Entertainment Law and Practice Final - Spring 1998

Final Examination

Franklin Pierce Law Center
Spring 1998

This is an open-book, take-home exam, to be returned to the Registrars office by 4:00 P.M. on May 1.

This exam has two parts. Part one consists of a question which you are required to answer. In part two, you are given a choice of questions, and you may answer any one of them.

Your two answers COMBINED may not be longer than three (3) pages. You should type your answers if at all possible. Your typed pages may be single-spaced or doublespaced, but in either case, the 3-page limit applies, so you will probably want to singlespace your answers. (Do not use type smaller than this 10 point type.)

I suggest devoting approximately two pages to Part One, and one page to Part Two.

AIternatively, if you prefer, feel free to devote one and a half pages to each. Either method is acceptable.

Obviously, it can be difficult to write a short answer to a complicated question. The 'best method is to think through your answer carefully before writing, perhaps making a short outline of your points. And don't go into a lot of detail. Imagine that you are writing .a so-called "executive summary" for a busy client. Briefly explain, and thus demonstrate that you understand, the key issues involved.

Part One. Answer the following question.

A producer read a rather sensational new book written by President Clinton's former butler at the Camp David presidential retreat. This non-fiction book describes in great detail Mat went on during many presidential visits to the retreat. The book discusses the many weekend guests who have joined the President at Camp David, including foreign leaders, politicians, lobbyists, business executives, and film stars. Some parts of the book offer a behind-the-scenes look at political lobbying and deal-making. Other parts discuss more personal matters, including sexual encounters and even drug use among the various guests. The producer envisions a big movie based on the book, but she knows enough to call her lawyer first.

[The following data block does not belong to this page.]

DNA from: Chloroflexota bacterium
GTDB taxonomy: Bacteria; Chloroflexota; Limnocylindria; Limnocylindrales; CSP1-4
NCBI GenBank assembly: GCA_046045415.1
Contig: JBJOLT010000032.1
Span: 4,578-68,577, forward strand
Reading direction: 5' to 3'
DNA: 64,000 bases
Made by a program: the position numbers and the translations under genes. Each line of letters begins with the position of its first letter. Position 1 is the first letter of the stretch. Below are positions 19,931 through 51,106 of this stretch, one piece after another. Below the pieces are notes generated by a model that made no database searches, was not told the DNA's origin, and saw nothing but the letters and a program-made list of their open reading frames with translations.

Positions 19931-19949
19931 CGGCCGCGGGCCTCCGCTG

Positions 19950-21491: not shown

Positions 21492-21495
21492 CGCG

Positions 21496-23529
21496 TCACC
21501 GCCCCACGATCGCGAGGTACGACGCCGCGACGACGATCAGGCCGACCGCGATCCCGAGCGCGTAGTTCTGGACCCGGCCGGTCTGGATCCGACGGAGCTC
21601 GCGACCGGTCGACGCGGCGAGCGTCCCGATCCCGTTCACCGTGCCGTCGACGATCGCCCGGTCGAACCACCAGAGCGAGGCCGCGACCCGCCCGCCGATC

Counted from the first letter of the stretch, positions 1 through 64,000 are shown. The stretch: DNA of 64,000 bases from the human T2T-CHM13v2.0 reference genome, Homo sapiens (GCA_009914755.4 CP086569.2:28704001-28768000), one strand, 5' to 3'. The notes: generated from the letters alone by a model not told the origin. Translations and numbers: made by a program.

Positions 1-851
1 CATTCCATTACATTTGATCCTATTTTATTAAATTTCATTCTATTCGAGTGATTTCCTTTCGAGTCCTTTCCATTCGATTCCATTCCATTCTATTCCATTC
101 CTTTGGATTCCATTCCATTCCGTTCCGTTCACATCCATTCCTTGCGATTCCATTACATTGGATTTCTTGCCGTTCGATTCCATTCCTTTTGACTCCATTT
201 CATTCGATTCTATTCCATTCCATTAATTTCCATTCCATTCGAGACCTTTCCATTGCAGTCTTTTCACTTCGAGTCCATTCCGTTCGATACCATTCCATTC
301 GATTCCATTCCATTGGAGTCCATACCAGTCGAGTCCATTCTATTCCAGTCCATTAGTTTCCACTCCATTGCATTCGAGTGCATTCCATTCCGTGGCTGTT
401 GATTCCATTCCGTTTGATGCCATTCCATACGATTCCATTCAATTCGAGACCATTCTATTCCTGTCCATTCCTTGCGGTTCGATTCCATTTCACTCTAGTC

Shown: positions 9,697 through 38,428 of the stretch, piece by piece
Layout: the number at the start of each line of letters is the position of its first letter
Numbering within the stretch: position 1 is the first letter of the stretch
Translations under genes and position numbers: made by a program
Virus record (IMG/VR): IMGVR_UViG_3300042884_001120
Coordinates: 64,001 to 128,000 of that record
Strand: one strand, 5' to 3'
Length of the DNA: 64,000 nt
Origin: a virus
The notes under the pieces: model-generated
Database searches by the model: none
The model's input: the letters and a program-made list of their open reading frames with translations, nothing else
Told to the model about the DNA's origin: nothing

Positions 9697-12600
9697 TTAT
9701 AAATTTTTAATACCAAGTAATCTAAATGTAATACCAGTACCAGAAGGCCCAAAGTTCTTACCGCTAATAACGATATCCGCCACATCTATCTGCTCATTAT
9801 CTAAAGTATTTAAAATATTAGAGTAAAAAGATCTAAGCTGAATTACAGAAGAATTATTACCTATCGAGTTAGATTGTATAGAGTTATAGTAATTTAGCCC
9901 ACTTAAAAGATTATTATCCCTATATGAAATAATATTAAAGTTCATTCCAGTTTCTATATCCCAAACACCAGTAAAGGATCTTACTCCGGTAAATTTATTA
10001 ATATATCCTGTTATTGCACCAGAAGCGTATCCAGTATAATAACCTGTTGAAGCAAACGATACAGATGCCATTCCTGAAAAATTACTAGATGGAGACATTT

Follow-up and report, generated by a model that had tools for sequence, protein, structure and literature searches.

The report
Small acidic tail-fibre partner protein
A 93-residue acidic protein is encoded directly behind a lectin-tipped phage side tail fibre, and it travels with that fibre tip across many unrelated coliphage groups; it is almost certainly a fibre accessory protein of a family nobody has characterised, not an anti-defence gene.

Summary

What about consents, she asks? Are they needed and from whom? It seems likely to her that most of the people would refuse to consent even if approached. What are the risks of proceeding without consents? That is, what legal claims might be made arising from the exhibition and marketing of the film, and how strong would they be? What defenses would she have, and in that regard, how can the risks be reduced in the course of making the film?

Finally, she wants to know if she has to buy the movie rights to the book. It is a top seller and the price could be high. Should she buy it or would that just be a waste of money? Please advise her.

Part Two. Answer only one of the following questions (your choice).

1 . The producer in part one is trying to decide whether (a) to take the film project to a major studio or (b) to try to develop and produce it as an independent production. Briefly explain the differences between the two routes, and the advantages and disadvantages for the producer.

2. Assume the producer went the big studio route. In her deal, she gets a small cash fee, plus 20% of the net profits (defined proceeds). She would like a hit film, of course. And she would also like to make a lot of money from the film. The studio advises her to cast big stars; her accountant advises her against casting big stars. With reference to how her share is calculated, briefly explain the advantages and disadvantages for her of casting the big stars.

3. In 1989, the U.S. joined the Berne Convention. According to certain commentators, the U.S. needed little or no new legislation in order to comply with Berne's minimum moral rights requirements (Article 6bis). The necessary protections are available to authors from a variety of existing laws, such as trademark and unfair competition, right of publicity, defamation, and copyright, as well as from clauses contained in union and private agreements. Do you agree with that? Why or why not?